By Ellen Trachman | Above the Law | January 8, 2020
The Surrogacy Group promised its clients services like matching intended parents with gestational surrogates, assisting clients with the surrogacy process, and managing funds. In many cases, as this article explains, the group’s owner pocketed the money, leaving both surrogates and intended parents high and dry.
This article tells the story of Gayane, a surrogate mother in Armenia, and Lilit and Sedrak, a couple who wanted to be parents but was unable to get pregnant. Their journey illustrates some of the dynamics in play around commercial surrogacy in Armenia and more broadly.
The UN Committee on the Elimination of Discrimination against Women (CEDAW) has condemned the decision by the Cambodian government to require that 30 surrogates, previously imprisoned for ‘cross-border human trafficking,’ raise the children they carried for intended parents living outside the country.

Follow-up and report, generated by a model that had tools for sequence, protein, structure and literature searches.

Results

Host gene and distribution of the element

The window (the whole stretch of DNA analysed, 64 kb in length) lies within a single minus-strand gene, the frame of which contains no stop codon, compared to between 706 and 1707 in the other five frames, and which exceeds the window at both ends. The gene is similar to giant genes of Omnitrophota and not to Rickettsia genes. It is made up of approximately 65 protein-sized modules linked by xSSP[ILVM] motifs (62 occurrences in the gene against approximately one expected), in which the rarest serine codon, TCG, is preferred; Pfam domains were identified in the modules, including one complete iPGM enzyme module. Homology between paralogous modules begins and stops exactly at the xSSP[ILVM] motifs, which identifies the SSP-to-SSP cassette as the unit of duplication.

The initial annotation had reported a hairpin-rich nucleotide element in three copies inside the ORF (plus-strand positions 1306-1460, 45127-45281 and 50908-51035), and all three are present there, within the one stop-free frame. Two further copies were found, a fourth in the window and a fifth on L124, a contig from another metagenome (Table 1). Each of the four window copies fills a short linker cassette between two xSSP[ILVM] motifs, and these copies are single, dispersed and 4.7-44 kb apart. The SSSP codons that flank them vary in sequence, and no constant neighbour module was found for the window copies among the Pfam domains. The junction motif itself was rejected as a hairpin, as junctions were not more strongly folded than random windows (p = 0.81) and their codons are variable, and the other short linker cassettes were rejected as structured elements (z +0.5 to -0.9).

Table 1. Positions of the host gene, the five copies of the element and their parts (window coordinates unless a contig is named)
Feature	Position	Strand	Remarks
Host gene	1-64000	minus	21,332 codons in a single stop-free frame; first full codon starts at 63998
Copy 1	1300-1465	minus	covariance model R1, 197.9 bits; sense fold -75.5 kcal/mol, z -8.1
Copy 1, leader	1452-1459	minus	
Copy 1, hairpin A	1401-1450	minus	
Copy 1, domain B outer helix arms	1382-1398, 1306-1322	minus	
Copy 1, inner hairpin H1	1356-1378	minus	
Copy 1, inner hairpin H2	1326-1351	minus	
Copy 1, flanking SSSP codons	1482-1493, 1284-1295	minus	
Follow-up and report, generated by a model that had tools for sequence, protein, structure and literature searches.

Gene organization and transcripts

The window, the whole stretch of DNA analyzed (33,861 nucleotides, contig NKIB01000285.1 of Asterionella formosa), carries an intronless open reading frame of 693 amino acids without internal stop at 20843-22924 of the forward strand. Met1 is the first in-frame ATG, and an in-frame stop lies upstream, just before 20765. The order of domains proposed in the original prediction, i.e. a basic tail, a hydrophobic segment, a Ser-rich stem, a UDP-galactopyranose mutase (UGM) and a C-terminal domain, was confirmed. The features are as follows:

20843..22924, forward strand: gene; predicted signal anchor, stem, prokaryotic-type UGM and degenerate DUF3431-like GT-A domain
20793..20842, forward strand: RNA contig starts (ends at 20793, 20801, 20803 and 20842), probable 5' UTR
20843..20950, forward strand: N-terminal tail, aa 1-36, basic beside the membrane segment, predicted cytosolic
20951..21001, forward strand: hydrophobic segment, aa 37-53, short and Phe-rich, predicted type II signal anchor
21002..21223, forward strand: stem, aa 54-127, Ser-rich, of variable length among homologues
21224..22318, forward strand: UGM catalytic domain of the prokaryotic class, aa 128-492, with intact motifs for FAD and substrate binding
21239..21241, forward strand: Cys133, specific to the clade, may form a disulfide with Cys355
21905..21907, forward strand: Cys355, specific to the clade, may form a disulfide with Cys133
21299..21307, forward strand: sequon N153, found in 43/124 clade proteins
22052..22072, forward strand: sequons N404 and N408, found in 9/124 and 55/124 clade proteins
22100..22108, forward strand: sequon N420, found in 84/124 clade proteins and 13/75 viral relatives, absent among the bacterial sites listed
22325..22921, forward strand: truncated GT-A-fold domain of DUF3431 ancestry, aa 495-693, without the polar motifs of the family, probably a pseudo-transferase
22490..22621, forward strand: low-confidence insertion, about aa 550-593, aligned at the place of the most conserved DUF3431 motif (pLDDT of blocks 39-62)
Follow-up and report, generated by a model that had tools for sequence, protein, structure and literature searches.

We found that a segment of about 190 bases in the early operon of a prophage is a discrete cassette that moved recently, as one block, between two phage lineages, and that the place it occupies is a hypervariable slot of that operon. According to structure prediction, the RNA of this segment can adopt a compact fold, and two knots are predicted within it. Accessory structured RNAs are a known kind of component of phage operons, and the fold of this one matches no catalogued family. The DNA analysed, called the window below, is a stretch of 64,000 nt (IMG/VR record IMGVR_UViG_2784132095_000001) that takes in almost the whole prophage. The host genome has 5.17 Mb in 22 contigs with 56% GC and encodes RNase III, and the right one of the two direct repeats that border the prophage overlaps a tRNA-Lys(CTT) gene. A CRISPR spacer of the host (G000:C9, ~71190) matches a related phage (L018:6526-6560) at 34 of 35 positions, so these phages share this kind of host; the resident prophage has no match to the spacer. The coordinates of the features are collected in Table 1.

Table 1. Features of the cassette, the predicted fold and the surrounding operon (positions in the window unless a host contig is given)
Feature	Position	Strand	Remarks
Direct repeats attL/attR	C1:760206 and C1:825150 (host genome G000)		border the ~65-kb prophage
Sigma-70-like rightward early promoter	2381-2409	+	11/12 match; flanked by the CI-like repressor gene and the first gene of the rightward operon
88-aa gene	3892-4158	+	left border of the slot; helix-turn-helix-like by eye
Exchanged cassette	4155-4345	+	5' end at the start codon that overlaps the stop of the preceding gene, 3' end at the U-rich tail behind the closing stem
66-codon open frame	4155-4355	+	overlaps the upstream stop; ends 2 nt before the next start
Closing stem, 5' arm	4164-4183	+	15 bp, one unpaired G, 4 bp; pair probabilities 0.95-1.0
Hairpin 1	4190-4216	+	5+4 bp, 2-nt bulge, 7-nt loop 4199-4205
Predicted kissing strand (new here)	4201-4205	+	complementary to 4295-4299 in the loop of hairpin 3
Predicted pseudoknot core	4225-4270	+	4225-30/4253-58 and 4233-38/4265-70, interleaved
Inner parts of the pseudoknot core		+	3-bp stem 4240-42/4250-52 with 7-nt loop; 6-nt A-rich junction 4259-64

In her talk at the American University of Armenia Turpanjian School of Public Health, Judy Norsigian, founding member of Our Bodies, Ourselves, spoke about the rapid expansion of global commercial surrogacy; the lack of consideration for the health and well-being of gestational mothers and children born of surrogacy; the importance of advancing best practices and human rights in both surrogacy and egg retrieval; and the need to be cautious about human genome modification.